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Research finds link between gut fungi, bacteria and obesity

New research suggests that yeast fungus and certain types of bacteria in the gut may contribute to obesity as well as fuel gut inflammatory disorders, like Crohn’s disease.
The findings have implications for explaining the growing link between gut health and obesity which, along with physical inactivity, greatly affects the risk of developing metabolic problems like type 2 diabetes.
This time, researchers have found that, not only is there more evidence that an imbalance of gut bacteria can have an impact on metabolic health, it is likely that another factor (fungi) plays into this.
The results come from two independent studies, led by the University of Minnesota and a team of scientists at the centre for Medical Mycology, in Cleveland, USA.
The former reported on the association between the gut microbiome and obesity, in presence of a high-fat diet, and explains part of the link between fungi and the microbes. The latter uncovered how fungi and microbes can team up to cause trouble.
The findings, published in the journals mSphere and Digestive and Liver Disease, show an interaction between diet, and changes in the microbiome happening at the same time as shifts in types of fungi in the gut.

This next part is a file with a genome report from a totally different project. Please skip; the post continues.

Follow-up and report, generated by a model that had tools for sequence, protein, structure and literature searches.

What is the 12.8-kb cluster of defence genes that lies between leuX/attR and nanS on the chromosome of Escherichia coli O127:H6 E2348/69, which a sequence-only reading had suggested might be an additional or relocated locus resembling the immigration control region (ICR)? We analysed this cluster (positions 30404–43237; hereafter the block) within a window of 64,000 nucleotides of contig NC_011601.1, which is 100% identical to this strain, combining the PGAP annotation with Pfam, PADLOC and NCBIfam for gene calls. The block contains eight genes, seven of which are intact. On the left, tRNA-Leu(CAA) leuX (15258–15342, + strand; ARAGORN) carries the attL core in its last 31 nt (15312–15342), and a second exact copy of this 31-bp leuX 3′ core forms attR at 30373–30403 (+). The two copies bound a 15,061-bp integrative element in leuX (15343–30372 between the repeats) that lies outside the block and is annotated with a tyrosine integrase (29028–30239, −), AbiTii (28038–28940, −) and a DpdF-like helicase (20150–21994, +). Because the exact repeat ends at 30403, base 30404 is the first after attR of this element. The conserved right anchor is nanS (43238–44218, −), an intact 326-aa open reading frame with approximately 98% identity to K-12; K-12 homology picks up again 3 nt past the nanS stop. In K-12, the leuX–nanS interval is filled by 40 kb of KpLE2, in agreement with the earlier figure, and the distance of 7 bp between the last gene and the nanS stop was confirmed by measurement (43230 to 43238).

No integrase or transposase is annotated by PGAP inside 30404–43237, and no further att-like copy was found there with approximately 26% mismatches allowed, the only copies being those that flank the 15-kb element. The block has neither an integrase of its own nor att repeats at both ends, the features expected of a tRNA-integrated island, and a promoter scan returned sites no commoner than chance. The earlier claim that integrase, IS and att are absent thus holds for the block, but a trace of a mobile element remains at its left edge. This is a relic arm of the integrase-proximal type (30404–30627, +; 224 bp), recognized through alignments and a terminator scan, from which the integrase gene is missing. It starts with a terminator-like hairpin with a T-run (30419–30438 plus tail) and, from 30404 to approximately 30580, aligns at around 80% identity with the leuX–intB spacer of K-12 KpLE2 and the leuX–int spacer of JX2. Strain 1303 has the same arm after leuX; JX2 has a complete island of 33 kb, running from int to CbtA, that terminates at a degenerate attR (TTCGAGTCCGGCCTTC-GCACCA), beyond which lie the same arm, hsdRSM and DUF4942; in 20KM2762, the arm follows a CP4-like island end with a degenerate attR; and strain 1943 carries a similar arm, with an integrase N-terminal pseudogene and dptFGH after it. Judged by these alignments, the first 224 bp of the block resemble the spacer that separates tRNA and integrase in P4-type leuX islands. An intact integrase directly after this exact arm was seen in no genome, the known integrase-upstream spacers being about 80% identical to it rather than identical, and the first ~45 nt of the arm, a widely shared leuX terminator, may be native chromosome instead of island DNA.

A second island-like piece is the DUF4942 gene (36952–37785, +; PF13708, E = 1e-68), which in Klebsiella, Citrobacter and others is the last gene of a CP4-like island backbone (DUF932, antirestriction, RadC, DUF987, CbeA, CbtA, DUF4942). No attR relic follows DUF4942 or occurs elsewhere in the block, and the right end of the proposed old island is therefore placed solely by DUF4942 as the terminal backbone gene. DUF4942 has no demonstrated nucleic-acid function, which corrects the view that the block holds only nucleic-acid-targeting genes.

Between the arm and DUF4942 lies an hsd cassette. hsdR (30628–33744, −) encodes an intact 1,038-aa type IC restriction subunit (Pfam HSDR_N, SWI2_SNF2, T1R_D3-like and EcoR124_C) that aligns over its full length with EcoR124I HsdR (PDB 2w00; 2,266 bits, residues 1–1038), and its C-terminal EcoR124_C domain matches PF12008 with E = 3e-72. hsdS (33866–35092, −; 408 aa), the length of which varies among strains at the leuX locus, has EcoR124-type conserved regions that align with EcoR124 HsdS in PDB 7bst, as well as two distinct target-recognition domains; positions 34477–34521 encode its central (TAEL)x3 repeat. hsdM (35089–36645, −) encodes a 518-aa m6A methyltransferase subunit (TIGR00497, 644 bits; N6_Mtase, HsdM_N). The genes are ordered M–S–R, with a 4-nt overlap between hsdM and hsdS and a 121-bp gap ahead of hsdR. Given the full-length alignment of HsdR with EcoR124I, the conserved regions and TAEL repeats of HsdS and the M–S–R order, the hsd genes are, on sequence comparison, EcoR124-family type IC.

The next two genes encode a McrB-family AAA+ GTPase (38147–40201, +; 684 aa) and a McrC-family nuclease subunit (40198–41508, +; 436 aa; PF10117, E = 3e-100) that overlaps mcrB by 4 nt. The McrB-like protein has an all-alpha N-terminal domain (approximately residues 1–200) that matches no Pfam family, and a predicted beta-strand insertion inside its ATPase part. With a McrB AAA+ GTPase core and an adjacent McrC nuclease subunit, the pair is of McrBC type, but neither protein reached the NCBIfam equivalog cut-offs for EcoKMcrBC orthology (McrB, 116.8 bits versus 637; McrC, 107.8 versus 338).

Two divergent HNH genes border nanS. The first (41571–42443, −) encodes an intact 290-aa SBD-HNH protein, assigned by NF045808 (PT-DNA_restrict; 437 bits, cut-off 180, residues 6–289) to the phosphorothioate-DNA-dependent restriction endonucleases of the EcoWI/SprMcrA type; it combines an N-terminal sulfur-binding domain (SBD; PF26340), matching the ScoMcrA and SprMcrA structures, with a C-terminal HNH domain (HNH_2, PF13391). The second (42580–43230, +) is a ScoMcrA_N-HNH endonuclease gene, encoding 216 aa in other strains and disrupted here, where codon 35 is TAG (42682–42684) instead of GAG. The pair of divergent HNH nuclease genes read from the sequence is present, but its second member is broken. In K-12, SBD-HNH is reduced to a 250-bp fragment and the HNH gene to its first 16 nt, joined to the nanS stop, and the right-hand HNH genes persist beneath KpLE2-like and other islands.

The study conducted in Minneapolis tested this hypothesis in mice. Those fed a high-fat diet, as opposed to a standard chow, had less of a type of yeast called Saccharomyces cerevisiae (S. cereviae), and more of the Candida albicans (C. albicans) kind.
S.cereviae, also known as Brewer’s or Baker’s yeast, is a type of yeast used in making wine and is generally associated with good health. C.albincans is, however, an organism involved in many yeast infections.
There was also newly discovered evidence suggesting that relationships between bacteria and fungi change in response to different diets too.
These relationships, or interactions, are what researchers think may drive someone to gain weight. But, the results are still very much at a preliminary stage and further investigation is warranted.
The other researchers in Cleveland added to these findings. They found signs of abundance of C. tropicalis fungus along with Escherichia coli, known to cause bacterial infections, and Serratia marcescens – a bacteria that can be injurious to cells lining the intestines.
According to the researchers, the bacteria may react with the fungus, and E. coli joins in to form a microbial community of its own. Mice harbouring the three organisms develop gut inflammation, which explains part of the symptomatology in Crohn’s disease.
This is because the gut wall is only one cell thick in many places and most of the immune system is just on the other side of that thin wall. When the integrity of the gut wall lessens, gastrointestinal conditions, like irritable bowel syndromen, can arise.
Researchers will now continue their search for information that can further our understanding of the link between the gut microbiomen, obesity and immune disorders, a well as how to maintain a good balance in fungi and bacteria to prevent disease.

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